Illuminating the brain tumour microenvironment: gaining new insights into gliomas through intravital imaging and molecular MRI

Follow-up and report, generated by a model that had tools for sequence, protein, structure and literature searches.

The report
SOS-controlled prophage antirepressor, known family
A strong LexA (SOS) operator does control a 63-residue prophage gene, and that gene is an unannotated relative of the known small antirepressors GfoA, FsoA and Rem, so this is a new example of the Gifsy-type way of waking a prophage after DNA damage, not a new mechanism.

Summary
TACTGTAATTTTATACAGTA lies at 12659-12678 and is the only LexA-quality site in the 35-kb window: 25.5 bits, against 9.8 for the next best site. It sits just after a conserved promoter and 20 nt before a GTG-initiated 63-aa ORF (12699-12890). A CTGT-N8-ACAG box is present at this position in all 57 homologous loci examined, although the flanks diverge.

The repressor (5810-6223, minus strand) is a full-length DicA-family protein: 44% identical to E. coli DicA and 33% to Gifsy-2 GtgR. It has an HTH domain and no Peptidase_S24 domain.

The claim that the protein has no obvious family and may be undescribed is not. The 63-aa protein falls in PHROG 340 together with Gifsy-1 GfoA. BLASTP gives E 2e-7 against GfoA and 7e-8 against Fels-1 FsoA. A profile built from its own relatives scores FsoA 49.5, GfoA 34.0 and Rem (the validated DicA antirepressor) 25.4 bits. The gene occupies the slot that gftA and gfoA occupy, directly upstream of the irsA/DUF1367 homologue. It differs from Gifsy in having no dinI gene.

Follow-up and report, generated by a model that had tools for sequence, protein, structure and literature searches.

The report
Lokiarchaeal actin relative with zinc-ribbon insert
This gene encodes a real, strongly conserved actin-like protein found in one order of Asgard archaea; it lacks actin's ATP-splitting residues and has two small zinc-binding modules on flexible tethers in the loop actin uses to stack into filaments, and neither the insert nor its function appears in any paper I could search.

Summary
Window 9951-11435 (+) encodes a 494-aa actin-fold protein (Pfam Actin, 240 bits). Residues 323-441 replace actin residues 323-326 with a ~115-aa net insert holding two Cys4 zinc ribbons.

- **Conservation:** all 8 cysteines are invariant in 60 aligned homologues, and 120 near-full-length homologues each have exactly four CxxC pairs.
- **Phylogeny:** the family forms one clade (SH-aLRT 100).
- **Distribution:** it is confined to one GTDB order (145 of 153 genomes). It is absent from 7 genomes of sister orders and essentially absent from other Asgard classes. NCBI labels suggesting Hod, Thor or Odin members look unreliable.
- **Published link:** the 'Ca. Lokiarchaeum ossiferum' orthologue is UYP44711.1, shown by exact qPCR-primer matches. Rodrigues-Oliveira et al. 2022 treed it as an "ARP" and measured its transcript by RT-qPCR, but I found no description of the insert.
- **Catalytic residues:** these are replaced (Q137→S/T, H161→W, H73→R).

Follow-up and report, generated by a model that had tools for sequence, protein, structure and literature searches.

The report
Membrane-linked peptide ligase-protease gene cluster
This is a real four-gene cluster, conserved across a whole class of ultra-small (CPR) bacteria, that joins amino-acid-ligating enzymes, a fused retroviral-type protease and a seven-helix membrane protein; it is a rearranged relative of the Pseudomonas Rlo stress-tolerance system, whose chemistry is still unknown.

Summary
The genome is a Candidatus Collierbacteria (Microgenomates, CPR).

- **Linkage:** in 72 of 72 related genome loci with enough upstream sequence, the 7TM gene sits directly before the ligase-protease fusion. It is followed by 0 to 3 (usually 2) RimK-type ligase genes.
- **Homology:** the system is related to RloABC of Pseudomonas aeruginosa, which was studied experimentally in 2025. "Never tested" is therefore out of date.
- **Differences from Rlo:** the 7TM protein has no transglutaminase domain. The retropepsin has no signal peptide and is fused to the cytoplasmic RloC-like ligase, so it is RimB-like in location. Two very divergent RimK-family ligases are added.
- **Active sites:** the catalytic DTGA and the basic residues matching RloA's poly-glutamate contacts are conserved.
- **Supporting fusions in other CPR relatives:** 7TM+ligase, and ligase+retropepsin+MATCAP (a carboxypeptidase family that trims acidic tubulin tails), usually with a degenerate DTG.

Brain tumours represent some of the most aggressive forms of cancer. The brain is our most critical organ, controlling every aspect of who we are as humans, and therefore brain tumours are also amongst the most feared of all cancers. Eighty percent of tumours that develop within the brain are gliomas, with over half being glioblastoma, the most malignant form of this disease. Unfortunately, despite treatment with standard of care therapy (surgery, radiation and temozolomide chemotherapy), glioblastomas are essentially incurable, and the 5-year survival rate for patients with the most aggressive gliomas remains <5%. This dismal clinical outcome underscores the urgent need for novel perspectives and effective therapeutic strategies to treat patients with this disease. We have been tackling this challenge in my lab for several years, and have taken the strategy of deeply exploring the brain tumour microenvironment (TME) as a means to exploit the knowledge we gain to develop new therapies. Since cancers and their TME are highly dynamic and co-evolve during tumour progression and in response to treatment, it is necessary to study cancer as it develops - in real time and in situ, in all its complexity. Therefore, my lab has now developed a strategy using the unique power of intravital microscopy (IVM) and molecular MRI to literally ‘look inside’ the brain of living animals in a longitudinal manner; a first in the cancer field.